In our Fall Issue we published an excerpt from the poem by Helen Reesor. Here is the poem in its entirety. Enjoy!
The Hillside Ranch
There’s a ranch house on a hillside
Where they lived for many years,
Where they worked and raised a family
It knew their dreams, hopes and fears.
Where they rose early in the morning
Oft’ in the dawn’s grey light,
And planned and toiled and sweated
Through each day ‘till it was night.
Memories of all the things they did
Through the good years and the bad,
How they faced the long cold winters,
Stuck it out—and were glad.
For spring always came, and with it
Came new life and springtime joys,
New leaves, new grass, new calves and colts
And throughout the years, the boys.
Memories that go way back in years
Of which great tales can be told
Of blizzards sweeping o’er the hills,
–Of cattle dying in the cold.
When there was no feed, and the icy wind
Chilled them, and drove them on,
To shelter in brush or coulee
Or to lie dead in the frozen dawn.
Memories of men who toiled for hours,
To care for the poor dumb critters.
It could break their backs as well as hearts.
It was sure no life for quitters!
For the elements are often harsh
In these old Cypress Hills
And a cattleman cares for his stock
Thought he endures heat, pain and chills.
Memories of roundups and brandings
Trailing cattle for miles in the cold,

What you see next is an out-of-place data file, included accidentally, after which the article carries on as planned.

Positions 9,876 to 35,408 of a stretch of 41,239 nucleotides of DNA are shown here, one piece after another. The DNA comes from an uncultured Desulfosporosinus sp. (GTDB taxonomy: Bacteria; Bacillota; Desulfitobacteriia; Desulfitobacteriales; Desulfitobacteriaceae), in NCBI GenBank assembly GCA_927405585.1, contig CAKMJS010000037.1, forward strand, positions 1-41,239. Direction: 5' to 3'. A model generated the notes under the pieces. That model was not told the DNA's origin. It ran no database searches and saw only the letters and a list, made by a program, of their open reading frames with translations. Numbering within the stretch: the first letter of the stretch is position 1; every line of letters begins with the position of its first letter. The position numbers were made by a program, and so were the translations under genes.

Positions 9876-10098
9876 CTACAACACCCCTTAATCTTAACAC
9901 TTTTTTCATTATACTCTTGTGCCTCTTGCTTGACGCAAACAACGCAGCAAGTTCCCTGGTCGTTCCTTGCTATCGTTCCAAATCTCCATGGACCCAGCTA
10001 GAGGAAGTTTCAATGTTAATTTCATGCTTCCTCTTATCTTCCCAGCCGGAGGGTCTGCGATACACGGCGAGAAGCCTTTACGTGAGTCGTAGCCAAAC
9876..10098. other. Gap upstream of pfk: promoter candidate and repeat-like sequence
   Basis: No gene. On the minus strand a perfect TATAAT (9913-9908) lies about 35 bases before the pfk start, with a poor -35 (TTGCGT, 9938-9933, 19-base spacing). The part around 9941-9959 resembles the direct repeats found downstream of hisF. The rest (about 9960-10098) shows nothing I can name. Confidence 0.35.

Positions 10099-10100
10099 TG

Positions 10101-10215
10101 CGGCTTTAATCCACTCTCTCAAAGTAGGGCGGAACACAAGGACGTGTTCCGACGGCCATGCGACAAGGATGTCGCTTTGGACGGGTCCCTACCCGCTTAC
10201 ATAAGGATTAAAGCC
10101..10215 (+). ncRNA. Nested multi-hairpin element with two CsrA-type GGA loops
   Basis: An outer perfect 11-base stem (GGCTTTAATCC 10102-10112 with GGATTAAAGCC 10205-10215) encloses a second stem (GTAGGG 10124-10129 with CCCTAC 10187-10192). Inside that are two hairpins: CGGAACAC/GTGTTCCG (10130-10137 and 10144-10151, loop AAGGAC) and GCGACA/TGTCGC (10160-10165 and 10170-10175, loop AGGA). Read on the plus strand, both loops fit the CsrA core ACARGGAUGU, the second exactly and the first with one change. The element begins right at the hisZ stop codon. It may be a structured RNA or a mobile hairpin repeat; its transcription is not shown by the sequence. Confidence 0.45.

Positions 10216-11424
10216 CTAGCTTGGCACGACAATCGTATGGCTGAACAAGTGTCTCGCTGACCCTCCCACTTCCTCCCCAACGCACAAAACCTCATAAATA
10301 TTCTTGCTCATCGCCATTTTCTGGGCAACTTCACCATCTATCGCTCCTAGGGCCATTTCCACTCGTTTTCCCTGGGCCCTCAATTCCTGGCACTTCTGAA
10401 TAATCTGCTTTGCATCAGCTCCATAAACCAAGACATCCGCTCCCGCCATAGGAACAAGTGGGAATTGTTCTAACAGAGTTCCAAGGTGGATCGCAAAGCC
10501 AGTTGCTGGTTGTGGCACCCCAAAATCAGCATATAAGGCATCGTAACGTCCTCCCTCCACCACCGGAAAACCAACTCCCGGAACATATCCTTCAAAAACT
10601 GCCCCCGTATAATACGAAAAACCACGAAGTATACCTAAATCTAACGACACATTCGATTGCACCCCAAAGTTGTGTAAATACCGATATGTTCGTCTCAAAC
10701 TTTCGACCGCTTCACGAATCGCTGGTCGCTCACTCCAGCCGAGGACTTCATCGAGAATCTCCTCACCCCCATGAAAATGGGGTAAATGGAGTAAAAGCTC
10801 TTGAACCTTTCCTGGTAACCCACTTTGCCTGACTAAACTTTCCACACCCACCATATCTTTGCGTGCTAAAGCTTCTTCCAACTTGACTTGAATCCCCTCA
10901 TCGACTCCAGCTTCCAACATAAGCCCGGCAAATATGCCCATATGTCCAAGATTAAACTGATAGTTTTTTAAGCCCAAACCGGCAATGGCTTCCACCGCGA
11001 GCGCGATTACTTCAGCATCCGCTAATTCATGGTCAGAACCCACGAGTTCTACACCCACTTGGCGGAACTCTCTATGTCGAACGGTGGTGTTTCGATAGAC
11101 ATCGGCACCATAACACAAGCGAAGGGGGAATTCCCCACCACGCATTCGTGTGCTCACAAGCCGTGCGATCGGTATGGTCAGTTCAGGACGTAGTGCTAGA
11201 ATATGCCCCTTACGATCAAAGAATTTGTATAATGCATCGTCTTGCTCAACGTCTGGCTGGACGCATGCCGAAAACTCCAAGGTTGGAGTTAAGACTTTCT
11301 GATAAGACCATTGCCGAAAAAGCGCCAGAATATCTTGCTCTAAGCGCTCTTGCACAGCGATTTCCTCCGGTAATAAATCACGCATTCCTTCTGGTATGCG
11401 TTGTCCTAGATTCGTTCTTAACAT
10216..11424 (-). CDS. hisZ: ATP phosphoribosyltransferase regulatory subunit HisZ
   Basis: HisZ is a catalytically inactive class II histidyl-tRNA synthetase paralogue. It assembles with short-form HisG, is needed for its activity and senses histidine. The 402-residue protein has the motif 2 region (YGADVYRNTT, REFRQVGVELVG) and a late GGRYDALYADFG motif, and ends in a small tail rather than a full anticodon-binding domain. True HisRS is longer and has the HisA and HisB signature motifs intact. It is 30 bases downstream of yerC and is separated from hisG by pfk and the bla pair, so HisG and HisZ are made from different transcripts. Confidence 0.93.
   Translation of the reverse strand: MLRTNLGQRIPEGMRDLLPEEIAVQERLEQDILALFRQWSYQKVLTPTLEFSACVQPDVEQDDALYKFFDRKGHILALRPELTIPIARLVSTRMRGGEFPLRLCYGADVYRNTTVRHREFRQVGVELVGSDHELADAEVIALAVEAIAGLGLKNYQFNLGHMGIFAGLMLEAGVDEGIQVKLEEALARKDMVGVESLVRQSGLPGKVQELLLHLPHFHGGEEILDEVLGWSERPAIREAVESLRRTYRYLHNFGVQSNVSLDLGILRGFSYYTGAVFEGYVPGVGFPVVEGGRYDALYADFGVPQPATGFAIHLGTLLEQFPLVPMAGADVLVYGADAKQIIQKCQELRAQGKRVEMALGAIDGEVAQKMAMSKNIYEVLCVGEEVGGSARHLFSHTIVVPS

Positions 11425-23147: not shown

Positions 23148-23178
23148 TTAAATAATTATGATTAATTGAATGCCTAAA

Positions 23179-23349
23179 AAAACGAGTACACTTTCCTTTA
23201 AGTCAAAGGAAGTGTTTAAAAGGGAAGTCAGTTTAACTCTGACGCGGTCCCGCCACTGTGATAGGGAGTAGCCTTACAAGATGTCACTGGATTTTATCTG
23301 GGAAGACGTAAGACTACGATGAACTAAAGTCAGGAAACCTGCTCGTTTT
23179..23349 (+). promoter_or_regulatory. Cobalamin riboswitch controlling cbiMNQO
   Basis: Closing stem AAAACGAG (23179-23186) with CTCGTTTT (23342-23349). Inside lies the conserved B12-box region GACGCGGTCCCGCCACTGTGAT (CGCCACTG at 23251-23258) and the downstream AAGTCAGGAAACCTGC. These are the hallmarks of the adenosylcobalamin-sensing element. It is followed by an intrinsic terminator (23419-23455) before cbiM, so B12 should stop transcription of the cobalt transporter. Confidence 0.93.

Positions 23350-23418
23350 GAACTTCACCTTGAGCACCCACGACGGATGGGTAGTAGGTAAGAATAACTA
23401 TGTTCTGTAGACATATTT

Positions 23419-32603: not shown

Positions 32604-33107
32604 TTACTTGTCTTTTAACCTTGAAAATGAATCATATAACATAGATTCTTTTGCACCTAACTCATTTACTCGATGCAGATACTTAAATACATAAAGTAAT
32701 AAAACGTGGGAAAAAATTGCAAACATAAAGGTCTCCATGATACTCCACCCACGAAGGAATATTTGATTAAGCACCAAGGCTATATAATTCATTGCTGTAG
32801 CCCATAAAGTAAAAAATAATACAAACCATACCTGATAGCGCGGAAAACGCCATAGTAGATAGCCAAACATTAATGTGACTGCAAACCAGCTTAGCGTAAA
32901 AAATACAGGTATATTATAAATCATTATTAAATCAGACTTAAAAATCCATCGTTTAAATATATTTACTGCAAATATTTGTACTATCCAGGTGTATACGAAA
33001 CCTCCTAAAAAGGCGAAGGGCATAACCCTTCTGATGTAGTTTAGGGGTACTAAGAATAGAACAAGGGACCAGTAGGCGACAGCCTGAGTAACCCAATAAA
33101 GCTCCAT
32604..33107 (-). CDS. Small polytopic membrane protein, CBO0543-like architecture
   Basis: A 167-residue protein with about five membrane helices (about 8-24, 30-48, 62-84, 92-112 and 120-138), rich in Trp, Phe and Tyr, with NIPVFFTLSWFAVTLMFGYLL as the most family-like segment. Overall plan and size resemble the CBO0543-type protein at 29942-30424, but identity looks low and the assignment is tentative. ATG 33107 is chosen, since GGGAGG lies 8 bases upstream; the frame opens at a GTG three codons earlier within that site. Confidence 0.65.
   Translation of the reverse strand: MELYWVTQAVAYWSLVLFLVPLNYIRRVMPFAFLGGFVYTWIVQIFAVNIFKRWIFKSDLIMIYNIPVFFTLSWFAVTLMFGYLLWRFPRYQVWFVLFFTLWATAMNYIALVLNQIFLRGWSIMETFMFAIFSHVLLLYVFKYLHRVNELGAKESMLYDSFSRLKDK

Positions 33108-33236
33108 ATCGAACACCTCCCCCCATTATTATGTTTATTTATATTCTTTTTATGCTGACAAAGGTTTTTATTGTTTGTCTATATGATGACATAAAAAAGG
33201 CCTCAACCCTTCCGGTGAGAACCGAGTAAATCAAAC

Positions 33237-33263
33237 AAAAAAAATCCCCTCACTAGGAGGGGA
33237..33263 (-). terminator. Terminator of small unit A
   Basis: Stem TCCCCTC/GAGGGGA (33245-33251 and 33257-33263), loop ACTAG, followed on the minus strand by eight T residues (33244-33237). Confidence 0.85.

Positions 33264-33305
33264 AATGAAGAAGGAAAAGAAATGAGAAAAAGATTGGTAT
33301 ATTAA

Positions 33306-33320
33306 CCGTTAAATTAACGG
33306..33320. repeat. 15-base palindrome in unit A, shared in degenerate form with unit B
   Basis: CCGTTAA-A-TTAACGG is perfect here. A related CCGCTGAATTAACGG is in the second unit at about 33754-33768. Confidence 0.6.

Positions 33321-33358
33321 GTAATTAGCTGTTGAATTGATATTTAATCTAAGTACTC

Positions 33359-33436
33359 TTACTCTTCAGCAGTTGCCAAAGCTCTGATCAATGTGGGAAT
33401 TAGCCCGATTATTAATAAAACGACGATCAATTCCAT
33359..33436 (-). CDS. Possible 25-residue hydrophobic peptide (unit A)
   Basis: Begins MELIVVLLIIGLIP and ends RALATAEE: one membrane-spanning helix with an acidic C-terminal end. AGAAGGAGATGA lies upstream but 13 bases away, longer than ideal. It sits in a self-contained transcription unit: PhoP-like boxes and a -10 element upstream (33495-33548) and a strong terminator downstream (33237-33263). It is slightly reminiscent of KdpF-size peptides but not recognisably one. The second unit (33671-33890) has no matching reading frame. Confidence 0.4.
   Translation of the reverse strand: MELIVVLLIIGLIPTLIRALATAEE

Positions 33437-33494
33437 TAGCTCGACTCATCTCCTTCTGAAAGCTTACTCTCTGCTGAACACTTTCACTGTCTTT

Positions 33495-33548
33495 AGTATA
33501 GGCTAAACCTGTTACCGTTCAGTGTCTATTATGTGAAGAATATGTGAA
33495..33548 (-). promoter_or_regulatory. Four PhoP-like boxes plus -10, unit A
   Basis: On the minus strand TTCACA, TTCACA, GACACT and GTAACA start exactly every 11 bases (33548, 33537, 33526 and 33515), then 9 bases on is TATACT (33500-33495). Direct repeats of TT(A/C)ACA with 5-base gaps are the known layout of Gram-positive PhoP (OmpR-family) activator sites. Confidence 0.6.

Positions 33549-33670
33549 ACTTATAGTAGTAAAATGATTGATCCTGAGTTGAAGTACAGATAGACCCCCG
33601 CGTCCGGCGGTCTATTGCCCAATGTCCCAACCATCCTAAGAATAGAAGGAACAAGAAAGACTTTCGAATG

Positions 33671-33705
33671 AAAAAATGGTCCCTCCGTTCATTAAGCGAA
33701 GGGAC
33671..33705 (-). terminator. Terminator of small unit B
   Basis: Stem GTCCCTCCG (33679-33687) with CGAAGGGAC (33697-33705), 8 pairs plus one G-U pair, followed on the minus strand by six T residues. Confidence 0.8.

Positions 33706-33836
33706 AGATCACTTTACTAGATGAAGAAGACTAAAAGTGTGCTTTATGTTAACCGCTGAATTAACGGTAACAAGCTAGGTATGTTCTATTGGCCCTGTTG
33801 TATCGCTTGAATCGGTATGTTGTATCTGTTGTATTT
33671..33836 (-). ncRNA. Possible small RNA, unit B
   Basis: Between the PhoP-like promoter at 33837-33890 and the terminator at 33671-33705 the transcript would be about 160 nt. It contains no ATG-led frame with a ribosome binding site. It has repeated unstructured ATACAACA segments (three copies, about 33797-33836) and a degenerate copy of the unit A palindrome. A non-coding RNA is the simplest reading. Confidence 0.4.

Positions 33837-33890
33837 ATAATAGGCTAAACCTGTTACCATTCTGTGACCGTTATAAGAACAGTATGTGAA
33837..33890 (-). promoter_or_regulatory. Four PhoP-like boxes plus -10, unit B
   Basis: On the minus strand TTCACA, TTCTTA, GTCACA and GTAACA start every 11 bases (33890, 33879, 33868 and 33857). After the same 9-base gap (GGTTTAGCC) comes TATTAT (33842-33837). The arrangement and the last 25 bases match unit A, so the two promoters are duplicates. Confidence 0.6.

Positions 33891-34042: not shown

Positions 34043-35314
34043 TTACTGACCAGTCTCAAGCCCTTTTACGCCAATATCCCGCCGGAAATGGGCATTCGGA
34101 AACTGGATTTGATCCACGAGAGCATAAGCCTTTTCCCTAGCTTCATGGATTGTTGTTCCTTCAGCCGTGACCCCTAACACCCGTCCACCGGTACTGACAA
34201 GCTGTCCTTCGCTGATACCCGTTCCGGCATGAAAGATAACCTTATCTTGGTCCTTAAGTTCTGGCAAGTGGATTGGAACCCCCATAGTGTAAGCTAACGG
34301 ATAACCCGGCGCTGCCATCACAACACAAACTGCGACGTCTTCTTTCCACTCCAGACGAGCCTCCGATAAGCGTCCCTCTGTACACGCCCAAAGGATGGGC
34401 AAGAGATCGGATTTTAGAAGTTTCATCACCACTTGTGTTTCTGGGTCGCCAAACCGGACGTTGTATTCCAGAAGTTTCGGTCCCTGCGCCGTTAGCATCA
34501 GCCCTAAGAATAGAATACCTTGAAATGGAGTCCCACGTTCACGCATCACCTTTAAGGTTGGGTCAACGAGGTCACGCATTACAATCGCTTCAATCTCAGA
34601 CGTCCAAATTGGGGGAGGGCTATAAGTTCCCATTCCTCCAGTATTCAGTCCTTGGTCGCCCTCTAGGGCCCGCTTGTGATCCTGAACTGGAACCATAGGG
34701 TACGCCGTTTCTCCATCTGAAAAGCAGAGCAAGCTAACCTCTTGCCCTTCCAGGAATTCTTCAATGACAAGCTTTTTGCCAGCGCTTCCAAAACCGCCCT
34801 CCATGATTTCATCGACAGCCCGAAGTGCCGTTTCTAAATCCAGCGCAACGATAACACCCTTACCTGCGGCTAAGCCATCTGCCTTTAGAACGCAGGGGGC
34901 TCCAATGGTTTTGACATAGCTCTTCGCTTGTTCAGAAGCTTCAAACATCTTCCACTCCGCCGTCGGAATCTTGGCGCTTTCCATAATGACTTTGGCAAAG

Oft’ for a price, next to nothing,
When taken to market and sold.
Memories of breaking wild horses
It was all part of ranch work then
Bucking broncs and four horse teams
Separated, the boys from the men.
Memories that bring a smile to your lips
Some that call for a real belly laugh.
The wonders of spring on the prairie
Like the sight of a new born calf—
Oh, things could be so grand and peaceful
As you worked in the sun or the rain
It made you feel so good inside
You forgot all the winter’s pain.
Memories of caring for family and home,
A woman’s work was never done.
In sickness or health, or grieving
O’er the death of an infant son.
Memories of cooking and baking bread
In the old black cookstove’s heat,
Of branding crews, and haying crews
So weary—most asleep on your feet.
Memories of gardens planted and tended,
And those years when it didn’t rain,
You watched them, dry and wilting
–Burn like the hay and grain.
When feed was scarce and prices low
There wasn’t a nickel to spare
But you managed somehow to keep going
And they always “ate three square.”
Memories of visiting neighbours
Trips to town with buggy and team,
Being rich enough, to own a car,
For years, was just a dream.
Memories of friends and loved ones,
Good times that were fun for all,
Of picnics, stampedes and camping
And of dances you can recall.
Memories of schooling and teachers.
Of boys joining the army to fight
In a war far over the ocean—
This somehow didn’t seem right.
But they kept the home place going
And worked just as hard as before
‘Till they turned it over to their sons
At the ending of the war.
I’ve heard that as you grow older,
Good memories blot out the bad.
And I’m wondering—if this be so.
Would you—Dear Mother and Dad,
Turn back the pages of your lives,
Forget the sorrow and pain,
Come back to the ranch on the hillside
And do it all over again?
Lovingly Dedicated to Hazel and Frank Reesor
For it was indeed worthwhile!
Helen Reesor, 1969